4. In order to Reconciliation with our Neighbour, to good Words we must add kind Actions. First, We are to look upon all Acts of Justice as Our Adversaries Due, as well as our Friends; it is a devilish Maxim of fome People, that an Enemy deserves no fair Play ; and therefore they stick at nothing, fo they may satisfie their Revenge by
hurting him, whether by detracting from his real Worth ; by withholding from him the due Praise and Reward of his good Deeds; or by raising and propagating all the Calumnies they can of him ; and, in short, taking all the unjustest Methods to do him a Prejudice ; whereas true Justice ought to be equal to Friend and Foe; and the one, as well as the other, ought to be praised, and rewarded according to his Merit. But then it is not bare Justice, which is due to an Adversary; if we intend to comply with this Duty of Reconciliation, we must endeavour to gain him by Acts of Love and Kindness; such as we are frequently exhorted to in the Holy Scriptures. For this I take to be the Purport of these excellent Precepts, Exod. xxii. 4. If thou meet thine Enemy's Ox, or bis Als, going astray, thou shall surely bring it back to bim again. If thou see the Ass of him that hateth thee lying under his Burden, and would t forbear to help him, thou Malt surely help with him. If thine Enemy Hunger, feed' bim; if he Thirst, give him Drink: for in so doing thou Malt heap Coals of Fire upon his Head. Be not overcome of Evil, but overcome Evil with Good, Rom. xii. 20. There are few Enemies so hard-hearted, but that they may be gained by such Methods of Kindness.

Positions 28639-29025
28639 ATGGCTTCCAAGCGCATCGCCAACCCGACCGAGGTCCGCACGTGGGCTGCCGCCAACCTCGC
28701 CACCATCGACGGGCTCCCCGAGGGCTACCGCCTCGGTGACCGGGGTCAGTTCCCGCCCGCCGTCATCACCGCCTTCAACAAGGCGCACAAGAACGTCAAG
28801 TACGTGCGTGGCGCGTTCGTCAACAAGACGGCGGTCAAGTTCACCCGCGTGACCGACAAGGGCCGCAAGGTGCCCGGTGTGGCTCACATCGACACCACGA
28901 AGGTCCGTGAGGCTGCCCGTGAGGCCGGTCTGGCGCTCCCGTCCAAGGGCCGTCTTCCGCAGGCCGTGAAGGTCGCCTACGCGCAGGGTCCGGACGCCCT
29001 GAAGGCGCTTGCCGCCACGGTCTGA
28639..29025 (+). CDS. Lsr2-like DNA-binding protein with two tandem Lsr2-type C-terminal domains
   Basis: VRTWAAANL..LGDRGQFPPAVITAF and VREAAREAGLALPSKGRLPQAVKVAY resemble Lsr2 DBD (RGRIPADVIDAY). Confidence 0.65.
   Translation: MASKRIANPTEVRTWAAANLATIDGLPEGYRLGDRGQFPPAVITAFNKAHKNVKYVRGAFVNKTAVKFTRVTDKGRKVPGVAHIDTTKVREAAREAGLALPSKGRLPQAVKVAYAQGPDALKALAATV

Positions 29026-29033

5. Towards Reconciliation, there is a notable Method laid down by our Saviour himself, Matt. xviii. 15. If thy Brother trespass against thee, go and tell him his Fault between thee and him alone :
but if he will not bear thee, then take with thee one or two more ; and if he fall negle&t to bear them, tell it unto the Church; but if he neglect to bear the Church, let him be unto thee as an Heatben Man, and a Públican. I know there are great